The name of this colorful October birthstone is thought to have derived in India, which is also from whence the first opals came to the Western world. In Sanskrit it was known as upala, meaning “precious stone.” In early Rome, it was called opalus. The most valuable opals are those displaying a kaleidoscopic rainbow of colors—which is known as “play-of-color.”
A Brief History
The opal’s extraordinary play-of-color has moved writers to liken it to July 4th fireworks and the Milky Way. At one time Middle-Eastern Bedouins claimed opals were made of lightening and was disguised as rain during thundershowers. Ancient Greeks thought opals awarded the gift of prophesy and could provide humans with immunity to deadly diseases.
Legend tells us that the opal will transform its wearer invisible if draped in a bay leaf—the opal, not it’s wearer.
In the Middle Ages, blonde women carried opals with the hopes of preserving the color of their fair tresses—and warding off black roots.
Also during the Middle Ages, it was believed that the October birthstone would bestow wealth, happiness and good fortune upon its wearer. Sadly, that myth was debunked in around 1820. It happened that an article was printed about a bewitching princess who owned a chameleon-like opal pendant that shade-shifted along with her moods. One day, a priest came to “save” the princess from the evil opal and when he sprinkled holy water on the stone its magic abilities were immediately snuffed-out. So was the princess, who died moments later.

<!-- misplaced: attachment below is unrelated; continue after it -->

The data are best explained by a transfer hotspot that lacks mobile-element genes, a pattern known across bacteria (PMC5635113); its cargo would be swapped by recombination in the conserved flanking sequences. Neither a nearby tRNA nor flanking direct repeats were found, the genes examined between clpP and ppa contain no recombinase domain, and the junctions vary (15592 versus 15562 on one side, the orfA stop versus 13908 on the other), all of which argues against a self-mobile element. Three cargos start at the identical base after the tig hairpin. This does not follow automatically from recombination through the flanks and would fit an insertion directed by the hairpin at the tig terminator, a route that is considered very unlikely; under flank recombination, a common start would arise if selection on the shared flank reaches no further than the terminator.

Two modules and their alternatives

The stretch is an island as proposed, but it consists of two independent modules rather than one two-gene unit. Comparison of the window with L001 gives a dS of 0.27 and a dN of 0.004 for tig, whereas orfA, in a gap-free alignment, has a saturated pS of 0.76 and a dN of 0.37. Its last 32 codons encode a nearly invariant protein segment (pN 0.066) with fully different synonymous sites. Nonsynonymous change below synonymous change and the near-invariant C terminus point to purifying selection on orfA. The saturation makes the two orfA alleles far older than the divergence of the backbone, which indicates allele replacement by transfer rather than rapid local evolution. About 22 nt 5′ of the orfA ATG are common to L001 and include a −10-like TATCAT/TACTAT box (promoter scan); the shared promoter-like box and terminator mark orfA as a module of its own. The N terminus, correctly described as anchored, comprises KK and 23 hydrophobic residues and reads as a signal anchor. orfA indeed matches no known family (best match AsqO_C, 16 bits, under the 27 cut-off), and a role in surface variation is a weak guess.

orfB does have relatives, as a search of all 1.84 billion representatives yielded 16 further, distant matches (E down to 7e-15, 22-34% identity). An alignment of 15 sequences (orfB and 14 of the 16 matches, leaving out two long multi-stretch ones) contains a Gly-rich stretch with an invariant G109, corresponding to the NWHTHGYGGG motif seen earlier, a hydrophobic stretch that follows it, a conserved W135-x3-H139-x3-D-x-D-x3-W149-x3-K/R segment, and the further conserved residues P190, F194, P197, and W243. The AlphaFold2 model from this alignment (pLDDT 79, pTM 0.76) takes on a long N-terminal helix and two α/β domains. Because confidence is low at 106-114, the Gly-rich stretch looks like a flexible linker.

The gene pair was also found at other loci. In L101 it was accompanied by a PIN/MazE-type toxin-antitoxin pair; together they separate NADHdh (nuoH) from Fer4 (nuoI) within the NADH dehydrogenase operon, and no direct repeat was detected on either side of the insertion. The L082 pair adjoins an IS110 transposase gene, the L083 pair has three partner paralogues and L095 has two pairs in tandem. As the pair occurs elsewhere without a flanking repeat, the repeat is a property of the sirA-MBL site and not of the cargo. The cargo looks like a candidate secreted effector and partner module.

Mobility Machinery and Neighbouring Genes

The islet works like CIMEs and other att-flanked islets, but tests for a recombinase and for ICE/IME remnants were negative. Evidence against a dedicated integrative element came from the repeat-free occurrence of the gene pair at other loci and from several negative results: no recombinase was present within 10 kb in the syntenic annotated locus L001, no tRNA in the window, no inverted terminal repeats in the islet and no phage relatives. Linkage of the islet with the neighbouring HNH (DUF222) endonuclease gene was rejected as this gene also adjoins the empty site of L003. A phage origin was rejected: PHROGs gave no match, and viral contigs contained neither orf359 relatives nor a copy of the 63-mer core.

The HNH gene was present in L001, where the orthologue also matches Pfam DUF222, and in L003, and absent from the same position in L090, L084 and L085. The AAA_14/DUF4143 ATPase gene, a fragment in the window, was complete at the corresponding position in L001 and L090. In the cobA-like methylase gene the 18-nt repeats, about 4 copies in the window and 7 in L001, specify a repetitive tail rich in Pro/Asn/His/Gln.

Fortunately, the opal’s popularity was rekindled when a group of Australian miners uncovered massive amounts of opal sediments. Soon, the country was supplying 96% of the world’s demand for fiery opals.
When we are born, each of the elements of the universe are aligned in particular configurations. Since everything is connected, (as it is above so it is below) the stars and planets are situated in ways that will have both positive and negative influences on our lives.
Integral in these constellations and formations is a distinctive set of stimuli and characteristics. As humans we have free will, therefore, we can choose to go with the flow and roll with the punches throughout our lifetimes, or we can learn to understand the stimuli and how it operates, and then try to appropriately adjust our reactions to them.
In short, we have a choice: either accept it, or change it.
Our birthstones have been with us since Day One. They understand us, know what makes us tick, and are aware of our individual aspirations. As such, our birthstones can be like a lucky charm or talisman for us, should we decide to carry our birthstone in our purse or pocket, or wear it as a piece of jewelry. They also have the ability to clear negative karma we may have accumulated from past transmigrations, thus allowing us an easier, more pleasant experience in life this time around.
What an Opal Birthstone Means for You
In addition to the fabulous play-of-color the stone offers, opals can also inspire:
- Zest for life
Opals are good for the memory and diminishes suicidal tendencies and thoughts of self-harm. They have been known to remedy infections and reduce high fevers, purify the blood and regulate insulin. This amazing gemstone facilitates reduces labor pains and can relieve the symptoms of PMS.In addition to the October birthstone’s various positive attributes, the opal can also be fashioned into striking pieces of jewelry. Traditionally opals are gifted on the 14th wedding anniversary